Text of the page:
HOPE is a flower, happiness, the spirit of ubuntu …


From Kathu to Klerksdorp, primary and high school learners wrote about what that magical word “hope” means to them amidst the ongoing pandemic in an essay competition centred on October as Mental Health Awareness Month.

Hope is a flower. Hope is a glimpse of the African sunset. Hope is a new beginning. Hope is happiness. Hope is the spirit of ubuntu. These are just some of the descriptions of what the word hope means to South African primary and high school learners who entered Ithemba Foundation’s essay competition. With research underlining the negative impact the pandemic has on children and teenagers, Ithemba conceptualised the competition and collaborated with Curro schools country-wide to help learners express themselves about what “hope” means to them in these difficult times. To top it all, well-known award-winning journalists assisted with the judging in both the English and the Afrikaans categories. In the English section, Marianne Thamm and Rebecca Davis selected their winners, and in the Afrikaans section Dana Snyman and Erns Grundling were the judges.

Ithemba sponsored a total amount of R24 000 as prize money. The first prize in the primary and high schools category in both English and Afrikaans was R3 000 (totalling R12 000); the second prize R2 000 (totalling R8 000), and the third R1 000 (totalling R4 000).
The winners are:

English primary schools:
First prize: Shreya Harbans (Curro Grantleigh, Richards Bay; prize money R3 000)
Second prize: Tasheek Dullabh (Curro St George, Gqeberha) and Nala Vilakazi (Curro Waterstone, Johannesburg) (sharing R2 000, thus R1 000 each)
Third prize: Harshivan Naidoo (Curro Heritage House, Durban) and Mehul Morar (Curro Waterstone, Johannesburg) (sharing R1 000, thus R500 each).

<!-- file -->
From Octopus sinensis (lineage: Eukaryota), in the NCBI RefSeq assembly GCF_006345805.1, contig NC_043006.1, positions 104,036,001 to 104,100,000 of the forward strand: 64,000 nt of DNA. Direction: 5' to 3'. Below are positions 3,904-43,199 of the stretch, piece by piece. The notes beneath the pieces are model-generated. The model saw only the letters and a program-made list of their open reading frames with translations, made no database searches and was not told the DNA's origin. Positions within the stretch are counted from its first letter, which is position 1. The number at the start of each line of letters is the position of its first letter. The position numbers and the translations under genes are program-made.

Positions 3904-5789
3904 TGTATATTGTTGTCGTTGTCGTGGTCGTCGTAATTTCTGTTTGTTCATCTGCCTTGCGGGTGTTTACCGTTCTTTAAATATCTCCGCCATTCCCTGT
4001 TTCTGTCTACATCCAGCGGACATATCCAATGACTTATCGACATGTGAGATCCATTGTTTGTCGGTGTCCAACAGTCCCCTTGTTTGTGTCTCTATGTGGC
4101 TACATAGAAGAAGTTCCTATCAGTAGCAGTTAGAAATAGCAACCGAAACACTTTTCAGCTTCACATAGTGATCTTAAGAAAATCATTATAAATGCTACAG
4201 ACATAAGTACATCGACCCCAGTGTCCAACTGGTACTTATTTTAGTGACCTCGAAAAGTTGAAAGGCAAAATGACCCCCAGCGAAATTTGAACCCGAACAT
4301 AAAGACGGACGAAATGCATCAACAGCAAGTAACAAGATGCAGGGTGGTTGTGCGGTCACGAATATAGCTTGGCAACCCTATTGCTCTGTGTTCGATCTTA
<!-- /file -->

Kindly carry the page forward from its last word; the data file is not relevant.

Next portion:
English high schools:
First prize: Anela Vundla and Merique Pillay (both Creston College, Port Shepstone; sharing R3 000, thus R1 500 each)
Second prize: Kayise Khumalo (Curro Grantleigh, Richards Bay) and Dallin Naicker (Creston College, Port Shepstone) (sharing R2 000, thus R1 000 each)
Third prize: Joel Janneker (Curro Langebaan) and Mirthav Lachman (Creston College, Port Shepstone (sharing R1 000, thus R500 each).

Afrikaans Primary schools:
First prize: Cleone Stone (Curro Hermanus, prize money R3 000)
Second prize: Shani Blom (Curro Hazeldean, Pretoria) and Ruben Kotze (Curro Durbanville; sharing R2 000, thus R1 000 each)
Third prize: Juanel Brits (Curro Langebaan) and Tenisha Steenkamp (Curro Academy Wilgeheuwel, Roodepoort; sharing R1 000, thus R500 each).

Afrikaans high schools:
First prize: Carli Kruger (Curro Kathu; R3 000)
Second prize: Alexa Vivier (Curro Hermanus; R2 000)
Third prize: Johan Ferreira (Curro Sitari, Somerset West) and Johanne Strydom (Curro Kathu; sharing R1 000, thus R500 each).



Talking the talk and walking the walk


Thank you to Curro Hazeldean, Pretoria East, for organising a special fundraiser for Ithemba with their awareness raising campaign on World Suicide Awareness Day on 10 September. With their activities they collected a whopping R3 306 in aid of Ithemba. As teacher Anru Nel said: “We, as Curro Hazeldean, wanted to show our solidarity towards your foundation.”
Thank you, Anru, and thank you to all at Curro Hazeldean for raising awareness by talking the talk, and literally walking the walk.




ITHEMBA FOUNDATION - NPC 2012/171250/08 - PBO 930/048/019